from Wiktionary, Creative Commons Attribution/Share-Alike License
- n. Celery in its wild (uncultivated) form.
from the GNU version of the Collaborative International Dictionary of English
- n. A biennial umbelliferous plant (Apium graveolens) native of the seacoats of Europe and Asia. When deprived of its acrid and even poisonous properties by cultivation, it becomes celery.
from The Century Dictionary and Cyclopedia
- n. The celery-plant, Apium graveolens, especially in its wild State.
Sorry, no etymologies found.
Celery Celery, Apium graveolens, is the mild, enlarged version of a bitter, thin-stalked Eurasian herb called smallage.
Celery Celery was a thin-stalked, aromatic but bitter herb called smallage before gardeners developed the mild, thick-stalked vegetable.
Leaf celery is closely related to wild celery, and is also known as smallage, cutting celery, or Chinese celery.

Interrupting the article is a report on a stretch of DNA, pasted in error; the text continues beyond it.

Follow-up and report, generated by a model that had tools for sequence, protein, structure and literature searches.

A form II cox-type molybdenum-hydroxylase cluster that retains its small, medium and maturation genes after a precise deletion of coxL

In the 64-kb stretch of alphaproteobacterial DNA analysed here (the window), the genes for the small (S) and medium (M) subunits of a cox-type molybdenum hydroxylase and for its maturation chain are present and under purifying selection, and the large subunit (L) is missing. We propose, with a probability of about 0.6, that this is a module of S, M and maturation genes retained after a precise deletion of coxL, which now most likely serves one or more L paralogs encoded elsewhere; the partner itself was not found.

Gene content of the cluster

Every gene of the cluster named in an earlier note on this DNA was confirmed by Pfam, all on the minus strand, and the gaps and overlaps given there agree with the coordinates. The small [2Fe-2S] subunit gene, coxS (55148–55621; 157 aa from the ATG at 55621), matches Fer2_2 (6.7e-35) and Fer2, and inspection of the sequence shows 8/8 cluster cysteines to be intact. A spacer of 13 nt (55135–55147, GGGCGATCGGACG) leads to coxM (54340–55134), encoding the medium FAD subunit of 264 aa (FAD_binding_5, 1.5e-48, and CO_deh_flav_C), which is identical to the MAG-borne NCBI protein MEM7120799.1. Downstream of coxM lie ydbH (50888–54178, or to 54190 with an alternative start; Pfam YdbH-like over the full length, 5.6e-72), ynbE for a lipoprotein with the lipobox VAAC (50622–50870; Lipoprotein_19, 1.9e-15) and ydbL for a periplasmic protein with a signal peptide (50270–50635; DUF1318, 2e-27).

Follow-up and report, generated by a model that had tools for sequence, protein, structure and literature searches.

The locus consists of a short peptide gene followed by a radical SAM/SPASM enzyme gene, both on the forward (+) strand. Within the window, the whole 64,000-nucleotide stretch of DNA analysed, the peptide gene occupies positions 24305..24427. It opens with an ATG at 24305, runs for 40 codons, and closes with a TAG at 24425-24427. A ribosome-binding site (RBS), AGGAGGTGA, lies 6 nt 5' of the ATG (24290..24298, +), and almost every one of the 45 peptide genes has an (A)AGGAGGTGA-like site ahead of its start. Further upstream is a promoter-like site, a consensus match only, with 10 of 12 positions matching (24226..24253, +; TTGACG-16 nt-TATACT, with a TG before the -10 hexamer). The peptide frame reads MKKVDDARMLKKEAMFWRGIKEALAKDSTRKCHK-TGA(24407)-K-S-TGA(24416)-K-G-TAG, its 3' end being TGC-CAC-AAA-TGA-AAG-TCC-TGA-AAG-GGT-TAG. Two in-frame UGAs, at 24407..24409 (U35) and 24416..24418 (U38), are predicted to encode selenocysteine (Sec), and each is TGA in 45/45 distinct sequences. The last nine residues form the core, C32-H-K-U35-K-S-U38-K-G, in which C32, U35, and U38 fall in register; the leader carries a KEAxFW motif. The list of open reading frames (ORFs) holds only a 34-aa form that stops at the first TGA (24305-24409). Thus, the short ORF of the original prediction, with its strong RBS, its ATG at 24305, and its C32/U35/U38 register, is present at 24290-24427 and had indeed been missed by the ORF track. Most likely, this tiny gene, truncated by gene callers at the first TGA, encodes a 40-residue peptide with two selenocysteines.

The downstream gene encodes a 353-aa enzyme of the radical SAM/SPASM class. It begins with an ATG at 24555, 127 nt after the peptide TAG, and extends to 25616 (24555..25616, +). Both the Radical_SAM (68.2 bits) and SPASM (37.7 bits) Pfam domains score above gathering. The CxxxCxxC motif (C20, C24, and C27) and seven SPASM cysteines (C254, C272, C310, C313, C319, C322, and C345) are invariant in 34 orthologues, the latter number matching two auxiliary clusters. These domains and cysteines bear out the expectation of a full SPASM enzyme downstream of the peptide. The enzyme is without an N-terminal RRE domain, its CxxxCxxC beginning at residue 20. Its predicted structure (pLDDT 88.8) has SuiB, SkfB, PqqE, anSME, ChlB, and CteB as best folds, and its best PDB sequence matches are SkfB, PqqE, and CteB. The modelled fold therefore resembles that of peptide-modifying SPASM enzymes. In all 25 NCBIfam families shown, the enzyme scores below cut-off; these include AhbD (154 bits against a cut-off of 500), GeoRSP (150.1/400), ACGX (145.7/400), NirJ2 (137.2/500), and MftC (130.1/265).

Celery or as the ancients called it “smallage” has been used as a medicine since the time of the Greeks.
Celery Seed and table celery are grown from a domesticated variety of a wild plant known as “smallage.”
But if you have a mind to such questions, Euthydemus will presently desire you to give an account of smallage and cummin; one of the which, if trodden down as it springs, will grow the better, and the other men curse and blaspheme whilst they sow it.
Thus with the other provender he gave his horses smallage, and this upon very good reason; for horses that lie still grow sore in their feet, and smallage is the best remedy in the world against that.
And you will not find smallage or anything of the same nature given to any other horses in the whole “Iliad.”
Chinese celery (var. secalinum) is closer in form and flavor to smallage, while Asian water celery is a more distant relative (Oenanthe javanica) with a distinctive flavor.
Take young sprouts of smallage -- wash and drain them till perfectly dry.